Did George Lucas and Steven Spielberg Ruin the Movies?
Click here to read more from Slate's Summer Movies.
It has been an honor to share an ID box with you, although our dialogue was maybe a tad one-sided. Nevertheless, we are lucky to be able to read you regularly in the Wall Street Journal.
I especially regret your absence because my first thoughts were tentative and crying out to be modified and/or corrected. Fortunately, readers have responded—and, in other ways, this Slate Summer Movies "Issue" has been a fun and, I hope, enlightening exercise.
Let me clarify my earlier remark about Don Simpson as a catalyst for the "changeover" from the idiosyncratic zeitgeist movies of the '70s and the formula pictures of the '80s. Some people (among them Alex Hicks and columnist David Poland) consider Simpson-Bruckheimer Go For It template movies like Flashdance and Top Gun merely later expressions of an already entrenched sensibility. But in writing about Simpson I also meant to invoke his time as head of production at Paramount in the late '70s and early '80s, when he began his crusade against riskier, '70s-style projects and helped to create an assembly line that included marketing executives at the earliest stages of development. I remember at the time that columnists pointed to Paramount as a harbinger of things to come—and, sure enough, Disney quickly embraced the same mentality.
But 25 years ago, this was a shock. The other night I talked with James Toback (always a colorful quote), who recalled an early '80s meeting that he and Warren Beatty took with Michael Eisner, in which Eisner defined a good movie as one that made money and a bad one as one that didn't. Period. No other criteria. Obviously that kind of thinking has always existed in Hollywood—studios couldn't stay in business if they lost money. What was novel was the frankness of the expression, in a room with two very pretentious (by their own admission) artists. What was also new was the amount of money that studios—indeed, all U.S. corporations beginning in the '80s—strove to make, and the amounts suddenly paid to CEOs. It was a short step to studio heads speaking openly of "franchises."
David Poland also points out that DVD changed the equation: "The lure of the video (and then DVD) dollars in a way that was predictable and which could be used to project and boost quarterly earnings launched the shortening of the video window, which led to the hyper-obsessive focus on opening weekend, as the window for theatrical shortened dramatically." Alex Hicks uses the term "Kidpix" to define more specifically the category of Jaws and Star Wars: "They vitiated the plus side of The Godfather as a commercial influence, taking the art out of the Blockbuster, and killed the New American Cinema of Bonnie and Clyde through Three Women." That's right—The Godfather was a blockbuster, too. But it obviously wasn't influential in the same way. The formula was harder to replicate and mass-produce.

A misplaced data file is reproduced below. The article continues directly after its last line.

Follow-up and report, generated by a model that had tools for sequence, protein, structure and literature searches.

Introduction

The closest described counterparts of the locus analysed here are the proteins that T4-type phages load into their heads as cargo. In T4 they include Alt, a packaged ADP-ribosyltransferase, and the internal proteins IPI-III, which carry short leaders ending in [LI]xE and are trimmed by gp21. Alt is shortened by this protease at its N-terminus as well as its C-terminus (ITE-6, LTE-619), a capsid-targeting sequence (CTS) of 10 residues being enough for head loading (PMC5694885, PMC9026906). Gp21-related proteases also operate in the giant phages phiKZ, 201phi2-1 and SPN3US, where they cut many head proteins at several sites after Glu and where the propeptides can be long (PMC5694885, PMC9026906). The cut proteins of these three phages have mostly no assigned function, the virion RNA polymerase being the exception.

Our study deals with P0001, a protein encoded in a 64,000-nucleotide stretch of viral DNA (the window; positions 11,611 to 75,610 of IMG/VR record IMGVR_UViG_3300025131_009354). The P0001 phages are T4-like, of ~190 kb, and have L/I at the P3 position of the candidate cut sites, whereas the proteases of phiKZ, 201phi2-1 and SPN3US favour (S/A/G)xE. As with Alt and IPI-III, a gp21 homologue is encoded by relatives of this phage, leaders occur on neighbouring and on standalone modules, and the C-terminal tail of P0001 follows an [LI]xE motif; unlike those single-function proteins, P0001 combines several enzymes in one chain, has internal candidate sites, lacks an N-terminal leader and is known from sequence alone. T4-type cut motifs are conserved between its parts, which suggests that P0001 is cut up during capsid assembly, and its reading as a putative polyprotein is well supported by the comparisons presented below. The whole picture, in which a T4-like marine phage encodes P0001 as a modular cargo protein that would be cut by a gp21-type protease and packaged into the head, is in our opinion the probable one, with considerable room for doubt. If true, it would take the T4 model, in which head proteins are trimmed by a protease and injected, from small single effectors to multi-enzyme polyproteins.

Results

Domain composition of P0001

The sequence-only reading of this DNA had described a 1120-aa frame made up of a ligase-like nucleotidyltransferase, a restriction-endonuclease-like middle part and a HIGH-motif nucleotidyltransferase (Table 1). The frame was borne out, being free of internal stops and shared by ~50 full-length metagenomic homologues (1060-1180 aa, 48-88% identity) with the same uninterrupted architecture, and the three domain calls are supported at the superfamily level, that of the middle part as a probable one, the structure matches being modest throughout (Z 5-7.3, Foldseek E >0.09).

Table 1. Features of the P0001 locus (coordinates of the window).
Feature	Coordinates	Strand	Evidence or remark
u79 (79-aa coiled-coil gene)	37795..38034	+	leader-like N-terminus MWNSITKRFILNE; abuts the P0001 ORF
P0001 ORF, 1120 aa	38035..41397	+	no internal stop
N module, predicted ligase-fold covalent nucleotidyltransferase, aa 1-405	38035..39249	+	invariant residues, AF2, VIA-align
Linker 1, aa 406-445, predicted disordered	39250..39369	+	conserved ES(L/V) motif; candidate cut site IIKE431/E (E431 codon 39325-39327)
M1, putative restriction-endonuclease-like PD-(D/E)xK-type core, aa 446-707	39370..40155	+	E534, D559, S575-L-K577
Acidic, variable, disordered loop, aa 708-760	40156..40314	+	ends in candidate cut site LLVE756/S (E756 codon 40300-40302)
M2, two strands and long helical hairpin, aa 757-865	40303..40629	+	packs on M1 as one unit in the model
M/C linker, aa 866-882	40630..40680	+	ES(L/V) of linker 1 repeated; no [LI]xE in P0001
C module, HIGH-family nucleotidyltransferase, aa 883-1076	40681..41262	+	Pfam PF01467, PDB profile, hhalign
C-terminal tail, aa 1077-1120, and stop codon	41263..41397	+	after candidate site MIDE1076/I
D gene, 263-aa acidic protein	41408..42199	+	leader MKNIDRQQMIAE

A final note about my editor Bryan Curtis' assessment of Michael Bay in Slate. I think Bay generally gets a bad rap: There's even an admittedly hilarious song about his suckitude in Team America: World Police. He's hardly my favorite director, but he knows how to shape and cut an action sequence, and parts of The Rock and Armageddon are entertaining on their own dumb, Bruckheimeresque terms. My choice for the worst "blockbuster" filmmaker in Hollywood (apart from Roland Emmerich, a throwback to the clunky anonymous directors of '50s sci-fi, albeit with a thousand times their budgets) is Stephen Sommers, of The Mummy and its sequel and Van Helsing. This man has armies of brilliant special-effects artists at his disposal and seemingly all the money in the world, but there is no feeling for pace, no decent staging, no honest storytelling, no room for actors to give any kind of performance (watch Hugh Jackman's hat register more than he does in Van Helsing). Sommers' films are the embodiment of the bludgeoning Miracles Are Cheap genre that lures the kids and all their disposable income.
Needless to say, the people who ruined the movies will be an ongoing topic—hell, it's the topic every summer. But I'm delighted that, in addition to writing about Batman Begins this week, I'm also writing about Miranda July, with thoughts still to come on the lovely lesbo pictures Saving Face and My Summer of Love, The Talent Given Us, The Heights, and many, many more. The block might be busted in the vicinity of the multiplex, but in smaller quadrants of the movie galaxy, the ground is happily solid.
David Edelstein is Slate's film critic. Joe Morgenstern is a film critic for the Wall Street Journal and winner of the 2005 Pulitzer Prize for criticism.